Bureau of Economic Geology, The University of Texas at Austin (www.beg.utexas.edu).
Bureau of Economic Geology Technical Seminar, Austin, Texas, September 12, 2003
Origin of Ordovician Brecciated and Fractured Reservoirs; Paleocave, Thermobaric, Tectonic, or All the Above?
Robert G. Loucks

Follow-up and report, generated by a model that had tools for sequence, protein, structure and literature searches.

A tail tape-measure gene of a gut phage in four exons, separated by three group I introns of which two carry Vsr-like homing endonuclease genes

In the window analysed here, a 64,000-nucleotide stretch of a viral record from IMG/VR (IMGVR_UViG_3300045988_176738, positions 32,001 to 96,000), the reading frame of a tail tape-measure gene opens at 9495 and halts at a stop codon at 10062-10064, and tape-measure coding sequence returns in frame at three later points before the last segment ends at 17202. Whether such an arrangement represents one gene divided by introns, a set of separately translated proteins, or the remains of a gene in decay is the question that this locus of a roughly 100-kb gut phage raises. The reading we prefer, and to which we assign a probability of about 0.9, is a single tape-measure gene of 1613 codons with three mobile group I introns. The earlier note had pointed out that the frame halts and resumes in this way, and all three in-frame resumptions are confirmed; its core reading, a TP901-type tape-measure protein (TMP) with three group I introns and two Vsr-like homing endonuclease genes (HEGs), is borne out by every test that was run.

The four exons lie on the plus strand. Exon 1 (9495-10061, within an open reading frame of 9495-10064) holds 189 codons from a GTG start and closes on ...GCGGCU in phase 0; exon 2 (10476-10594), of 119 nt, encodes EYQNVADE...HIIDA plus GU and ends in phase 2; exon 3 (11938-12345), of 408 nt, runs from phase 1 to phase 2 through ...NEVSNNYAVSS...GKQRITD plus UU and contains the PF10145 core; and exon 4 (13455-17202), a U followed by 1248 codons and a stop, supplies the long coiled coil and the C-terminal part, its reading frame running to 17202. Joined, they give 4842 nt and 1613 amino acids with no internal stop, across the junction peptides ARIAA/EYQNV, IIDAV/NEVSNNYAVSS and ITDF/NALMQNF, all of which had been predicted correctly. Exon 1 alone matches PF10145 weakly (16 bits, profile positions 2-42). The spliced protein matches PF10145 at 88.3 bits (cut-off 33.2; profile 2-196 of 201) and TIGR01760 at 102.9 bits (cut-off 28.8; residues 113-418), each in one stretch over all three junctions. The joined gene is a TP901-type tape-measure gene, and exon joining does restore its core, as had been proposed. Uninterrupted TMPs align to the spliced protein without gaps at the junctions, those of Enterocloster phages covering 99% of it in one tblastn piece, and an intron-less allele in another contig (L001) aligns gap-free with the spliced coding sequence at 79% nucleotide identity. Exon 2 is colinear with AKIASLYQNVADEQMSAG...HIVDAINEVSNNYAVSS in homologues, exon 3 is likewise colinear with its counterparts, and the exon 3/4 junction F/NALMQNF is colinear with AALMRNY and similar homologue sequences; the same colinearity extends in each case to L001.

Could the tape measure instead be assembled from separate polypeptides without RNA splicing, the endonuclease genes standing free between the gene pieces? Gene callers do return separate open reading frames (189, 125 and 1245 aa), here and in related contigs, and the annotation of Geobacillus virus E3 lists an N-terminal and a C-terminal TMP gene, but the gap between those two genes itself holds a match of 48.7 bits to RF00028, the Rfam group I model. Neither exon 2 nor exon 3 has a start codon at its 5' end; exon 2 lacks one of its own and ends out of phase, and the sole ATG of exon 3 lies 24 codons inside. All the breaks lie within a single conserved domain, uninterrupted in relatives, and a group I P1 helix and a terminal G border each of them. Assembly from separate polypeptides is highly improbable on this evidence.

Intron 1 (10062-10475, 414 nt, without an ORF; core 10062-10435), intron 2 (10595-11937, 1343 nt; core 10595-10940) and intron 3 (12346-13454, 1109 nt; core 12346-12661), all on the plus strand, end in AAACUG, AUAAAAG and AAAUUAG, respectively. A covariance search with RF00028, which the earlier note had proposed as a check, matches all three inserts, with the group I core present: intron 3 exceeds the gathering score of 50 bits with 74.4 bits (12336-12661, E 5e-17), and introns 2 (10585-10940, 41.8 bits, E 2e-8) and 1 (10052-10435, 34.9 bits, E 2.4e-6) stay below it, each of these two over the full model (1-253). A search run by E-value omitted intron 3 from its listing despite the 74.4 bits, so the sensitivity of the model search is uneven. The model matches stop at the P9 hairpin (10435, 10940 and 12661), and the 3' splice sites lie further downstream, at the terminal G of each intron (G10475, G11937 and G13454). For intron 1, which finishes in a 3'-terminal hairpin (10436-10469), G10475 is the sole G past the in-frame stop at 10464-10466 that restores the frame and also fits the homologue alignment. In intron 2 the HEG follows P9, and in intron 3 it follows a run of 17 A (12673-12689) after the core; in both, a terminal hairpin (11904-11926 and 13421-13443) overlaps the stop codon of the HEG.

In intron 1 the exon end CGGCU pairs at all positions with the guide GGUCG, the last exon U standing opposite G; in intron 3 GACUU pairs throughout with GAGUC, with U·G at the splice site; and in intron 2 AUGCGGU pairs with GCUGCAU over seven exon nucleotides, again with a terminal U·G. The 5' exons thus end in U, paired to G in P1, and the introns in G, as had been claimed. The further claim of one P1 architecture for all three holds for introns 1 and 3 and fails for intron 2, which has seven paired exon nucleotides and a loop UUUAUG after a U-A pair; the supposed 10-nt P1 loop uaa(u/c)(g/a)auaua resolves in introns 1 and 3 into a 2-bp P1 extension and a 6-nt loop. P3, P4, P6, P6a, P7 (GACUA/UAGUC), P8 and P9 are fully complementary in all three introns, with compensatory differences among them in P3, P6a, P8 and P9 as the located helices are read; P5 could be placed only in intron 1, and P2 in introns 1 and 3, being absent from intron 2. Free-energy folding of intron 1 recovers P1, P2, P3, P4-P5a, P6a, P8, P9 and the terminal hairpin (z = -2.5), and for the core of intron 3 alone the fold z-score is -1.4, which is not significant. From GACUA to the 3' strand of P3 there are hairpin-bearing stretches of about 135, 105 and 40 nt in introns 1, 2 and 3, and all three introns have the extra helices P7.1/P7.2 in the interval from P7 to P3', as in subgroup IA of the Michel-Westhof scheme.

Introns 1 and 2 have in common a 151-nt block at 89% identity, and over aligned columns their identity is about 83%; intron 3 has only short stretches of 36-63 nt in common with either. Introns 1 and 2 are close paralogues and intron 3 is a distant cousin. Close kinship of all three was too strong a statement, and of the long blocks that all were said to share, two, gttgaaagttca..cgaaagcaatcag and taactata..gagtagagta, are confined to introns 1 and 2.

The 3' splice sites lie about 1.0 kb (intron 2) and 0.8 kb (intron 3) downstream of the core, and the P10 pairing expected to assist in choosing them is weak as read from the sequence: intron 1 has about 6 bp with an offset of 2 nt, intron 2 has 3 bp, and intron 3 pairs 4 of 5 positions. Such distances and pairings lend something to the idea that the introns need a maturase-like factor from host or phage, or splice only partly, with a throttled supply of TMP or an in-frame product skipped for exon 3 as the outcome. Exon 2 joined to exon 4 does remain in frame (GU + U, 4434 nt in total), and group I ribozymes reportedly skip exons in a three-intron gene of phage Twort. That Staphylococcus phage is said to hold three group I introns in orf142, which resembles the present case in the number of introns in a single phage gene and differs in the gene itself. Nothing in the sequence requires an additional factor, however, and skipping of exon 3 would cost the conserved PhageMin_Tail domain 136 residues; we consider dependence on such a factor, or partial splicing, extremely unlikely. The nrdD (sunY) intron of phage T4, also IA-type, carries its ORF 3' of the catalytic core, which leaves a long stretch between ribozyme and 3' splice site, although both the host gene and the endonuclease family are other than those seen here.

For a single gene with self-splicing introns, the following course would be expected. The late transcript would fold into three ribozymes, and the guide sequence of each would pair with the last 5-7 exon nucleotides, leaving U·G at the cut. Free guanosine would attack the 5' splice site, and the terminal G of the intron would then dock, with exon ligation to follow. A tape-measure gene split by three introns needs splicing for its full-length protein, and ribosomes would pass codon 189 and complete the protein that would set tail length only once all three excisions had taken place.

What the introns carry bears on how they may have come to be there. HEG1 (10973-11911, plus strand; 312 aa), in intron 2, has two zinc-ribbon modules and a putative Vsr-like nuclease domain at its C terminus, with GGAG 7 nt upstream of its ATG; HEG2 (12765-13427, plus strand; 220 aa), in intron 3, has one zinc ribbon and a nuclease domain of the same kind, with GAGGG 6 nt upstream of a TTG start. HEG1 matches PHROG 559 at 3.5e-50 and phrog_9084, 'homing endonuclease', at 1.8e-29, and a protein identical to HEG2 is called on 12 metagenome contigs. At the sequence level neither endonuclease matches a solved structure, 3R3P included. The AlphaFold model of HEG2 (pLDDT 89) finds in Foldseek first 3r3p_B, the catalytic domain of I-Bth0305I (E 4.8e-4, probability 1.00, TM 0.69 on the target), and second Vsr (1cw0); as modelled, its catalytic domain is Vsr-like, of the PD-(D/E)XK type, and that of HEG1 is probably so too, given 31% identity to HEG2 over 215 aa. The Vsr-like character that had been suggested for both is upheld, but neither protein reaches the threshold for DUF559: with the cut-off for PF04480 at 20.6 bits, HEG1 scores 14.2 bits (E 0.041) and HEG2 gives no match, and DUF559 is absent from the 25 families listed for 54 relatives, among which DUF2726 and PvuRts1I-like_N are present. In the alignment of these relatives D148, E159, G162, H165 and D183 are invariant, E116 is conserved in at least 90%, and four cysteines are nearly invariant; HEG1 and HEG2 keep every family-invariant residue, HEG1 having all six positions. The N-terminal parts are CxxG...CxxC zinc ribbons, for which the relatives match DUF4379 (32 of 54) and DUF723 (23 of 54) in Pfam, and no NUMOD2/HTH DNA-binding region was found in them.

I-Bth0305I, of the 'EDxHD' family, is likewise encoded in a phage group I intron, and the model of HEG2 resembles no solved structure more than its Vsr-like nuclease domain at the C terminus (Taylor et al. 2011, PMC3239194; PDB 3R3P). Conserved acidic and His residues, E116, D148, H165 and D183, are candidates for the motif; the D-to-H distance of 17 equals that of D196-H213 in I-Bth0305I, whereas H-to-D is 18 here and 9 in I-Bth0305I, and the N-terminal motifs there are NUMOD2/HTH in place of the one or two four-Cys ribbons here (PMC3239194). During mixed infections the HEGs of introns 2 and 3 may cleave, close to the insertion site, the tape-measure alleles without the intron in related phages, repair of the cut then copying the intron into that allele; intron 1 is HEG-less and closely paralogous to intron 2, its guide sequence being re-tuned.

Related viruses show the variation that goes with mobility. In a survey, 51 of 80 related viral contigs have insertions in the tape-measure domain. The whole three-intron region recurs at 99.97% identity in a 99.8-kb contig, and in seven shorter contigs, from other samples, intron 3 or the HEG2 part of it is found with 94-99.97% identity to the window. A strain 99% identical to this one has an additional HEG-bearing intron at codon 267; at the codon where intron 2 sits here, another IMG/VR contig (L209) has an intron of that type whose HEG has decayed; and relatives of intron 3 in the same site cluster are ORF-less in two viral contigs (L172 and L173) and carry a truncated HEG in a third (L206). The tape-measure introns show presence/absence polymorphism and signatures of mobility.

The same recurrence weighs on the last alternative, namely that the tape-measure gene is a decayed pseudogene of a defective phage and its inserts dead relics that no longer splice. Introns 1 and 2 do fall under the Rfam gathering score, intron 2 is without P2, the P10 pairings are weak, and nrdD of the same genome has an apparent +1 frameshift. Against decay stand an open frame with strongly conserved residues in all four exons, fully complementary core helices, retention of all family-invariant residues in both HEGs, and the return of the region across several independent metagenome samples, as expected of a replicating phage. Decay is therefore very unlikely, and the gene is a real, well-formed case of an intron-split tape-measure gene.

Several origins have been suggested for the formation of breccias and fractures that comprise Ordovician reservoirs throughout the United States. Suggested origins include karst-related paleocave collapse, subsurface thermobaric fracturing, and regional tectonic fracturing. Actually, the brecciation and fracturing in the Ordovician section is a combination of all three processes. The initial brecciation and fracturing is commonly associated with cave formation and collapse. The collapse starts at the surface contemporaneous with cavern formation and continues into the subsurface at least down to 9000 ft of burial. Cave formation is evidenced by (1) detrital cave-sediment fill, (2) younger conodonts in the sediment fill, (i.e. Devonian conodonts in Lower Ordovician cave fill) (3) speleothems, and (4) lateral extent of brecciated pods. Thermobaric processes are suggested by the presence of higher temperature baroque dolomite cements. The baroque dolomite cements passively fill the void spaces created by cave or regional fracture processes. Regional fractures cut host rock, lithified breccias, and lithified sediment fill. They commonly have relatively strong directional patterns. Deciphering the origin of complex breccia and fracture systems is difficult if the complete paragenesis of the system is not understood.